By Sean Ellis
Idaho Farm Bureau Federation
POCATELLO – Idaho hop production continues to soar, as Idaho farmers harvested 1,000 more hop acres in 2018 than they did in 2017.
Idaho farmers harvested 8,140 acres of hops in 2018, 14 percent more than the 7,125 acres they harvested in 2017, according to data released Dec. 19 by USDA’s National Agricultural Statistics Service.
Idaho produced 16.2 million pounds of hops in 2018, according to NASS, up 16 percent from 14 million pounds in 2017.
That increase enabled Idaho to solidify its spot as the nation’s No. 2 hop producing state, ahead of Oregon and behind Washington.
Idaho passed Oregon in 2017 to nab the No. 2 spot for the first time and since then has strengthened its hold on that ranking.
According to NASS, Oregon farmers produced 12.9 million pounds of hops in 2018, up slightly from 12.5 million pounds in 2017. Oregon farmers harvested 7,725 acres of hops in 2018, down from 8,216 acres in 2017, but the state’s total production was up because of higher yields.
Idaho passed Oregon in total production but not acres in 2017 but in 2018, Idaho also surpassed Oregon in total acres as well.
Yields in Idaho hop fields averaged 1,995 per acre in 2018 compared with 1,675 per acre in Oregon.
Washington remains the nation’s unchallenged No. 1 hop-producing state with 39,170 harvested acres in 2018 and 78 million pounds of production.
Idaho hop acres have increased 236 percent since 2012, when they totaled 2,423.
From 2015 to 2018, the total value of Idaho hop production has increased 177 percent, from $31 million to $86 million.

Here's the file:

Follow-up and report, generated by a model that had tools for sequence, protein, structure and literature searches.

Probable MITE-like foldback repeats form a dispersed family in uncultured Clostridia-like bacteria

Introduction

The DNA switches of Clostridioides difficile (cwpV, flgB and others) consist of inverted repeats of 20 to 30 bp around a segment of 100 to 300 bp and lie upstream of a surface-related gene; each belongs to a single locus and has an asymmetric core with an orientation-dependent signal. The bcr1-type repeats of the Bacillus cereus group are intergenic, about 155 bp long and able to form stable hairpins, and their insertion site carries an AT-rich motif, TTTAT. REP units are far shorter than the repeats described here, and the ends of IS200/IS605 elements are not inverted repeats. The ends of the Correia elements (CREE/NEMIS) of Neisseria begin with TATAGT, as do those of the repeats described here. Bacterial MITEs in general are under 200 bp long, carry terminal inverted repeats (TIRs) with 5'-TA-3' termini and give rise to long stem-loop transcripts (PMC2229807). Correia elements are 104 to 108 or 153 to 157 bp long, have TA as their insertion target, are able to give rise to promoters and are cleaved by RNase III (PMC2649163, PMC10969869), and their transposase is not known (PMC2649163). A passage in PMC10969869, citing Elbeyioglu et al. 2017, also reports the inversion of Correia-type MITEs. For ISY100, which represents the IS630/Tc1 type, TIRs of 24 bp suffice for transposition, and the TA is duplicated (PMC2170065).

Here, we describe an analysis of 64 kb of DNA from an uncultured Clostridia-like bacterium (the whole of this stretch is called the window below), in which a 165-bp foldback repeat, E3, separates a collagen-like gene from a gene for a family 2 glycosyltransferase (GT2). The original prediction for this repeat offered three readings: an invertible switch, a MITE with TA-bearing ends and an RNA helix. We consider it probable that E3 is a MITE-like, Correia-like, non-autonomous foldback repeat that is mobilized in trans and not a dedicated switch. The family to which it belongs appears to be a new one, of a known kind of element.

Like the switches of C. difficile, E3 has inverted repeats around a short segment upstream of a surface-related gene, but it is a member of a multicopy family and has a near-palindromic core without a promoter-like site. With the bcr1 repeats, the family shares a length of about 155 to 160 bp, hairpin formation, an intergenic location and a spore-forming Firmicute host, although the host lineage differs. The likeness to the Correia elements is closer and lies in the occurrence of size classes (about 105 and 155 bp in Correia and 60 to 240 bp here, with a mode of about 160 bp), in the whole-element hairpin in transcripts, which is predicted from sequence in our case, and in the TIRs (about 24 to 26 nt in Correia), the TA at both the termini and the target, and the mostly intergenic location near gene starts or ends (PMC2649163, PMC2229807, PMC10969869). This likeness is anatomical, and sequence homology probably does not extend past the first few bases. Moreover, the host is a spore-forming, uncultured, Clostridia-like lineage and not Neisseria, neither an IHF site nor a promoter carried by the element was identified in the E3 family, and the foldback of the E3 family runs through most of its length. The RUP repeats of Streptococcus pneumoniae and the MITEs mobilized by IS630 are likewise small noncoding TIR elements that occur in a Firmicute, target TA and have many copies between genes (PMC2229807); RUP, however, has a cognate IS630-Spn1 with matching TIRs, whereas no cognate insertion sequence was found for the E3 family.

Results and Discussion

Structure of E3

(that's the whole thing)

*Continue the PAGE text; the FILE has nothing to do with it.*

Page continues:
In 2016, the crop for the first time jumped into the list of Idaho’s top 10 farm commodities in terms of cash receipts. Hops ranked No. 10 in 2016 and 2017.
NASS will release the data showing Idaho’s top 10 farm commodities for 2018 next October but based on NASS’ 2018 estimate for hop value of production, the crop could move into the No. 9 spot, which was held by dry beans in 2017, and possibly the No. 8 spot, which was held by corn for grain.
Idaho hop industry leaders have said the rapid increase in hop acres is being driven mostly by increased demand from the craft brewing industry for aroma varieties.
Hop production in Idaho has increased so rapidly in recent years that University of Idaho agricultural economists are considering covering hops for the first time in their annual “The Financial Condition of Idaho Agriculture” report, which is released in January and estimates the state’s total farm cash receipts and net farm income from the previous year.
That report estimates cash receipts and net farm income for the state’s top eight farm commodities in terms of cash receipts and lumps everything else in under the “other” category. But hops might debut in that report soon.
“Hops hasn’t been on the radar in the past but we may have to take them into consideration,” said UI ag economist Garth Taylor, one of the report’s authors.
According to NASS, total U.S. hop production was up 1 percent to 107 million pounds in 2018. Virtually all of that came from Washington, Idaho and Oregon.
Total U.S. harvested acres in 2018 hit 55,035, up 2 percent from 53,989 in 2017. But total value of U.S. production was down 1 percent to $583 million due to slightly lower yields, which fell from 1,956 in 2017 to 1,943 in 2018, and slightly lower prices.
The average hop price per pound fell 2 percent, from $5.60 in 2017 to $5.46 in 2018.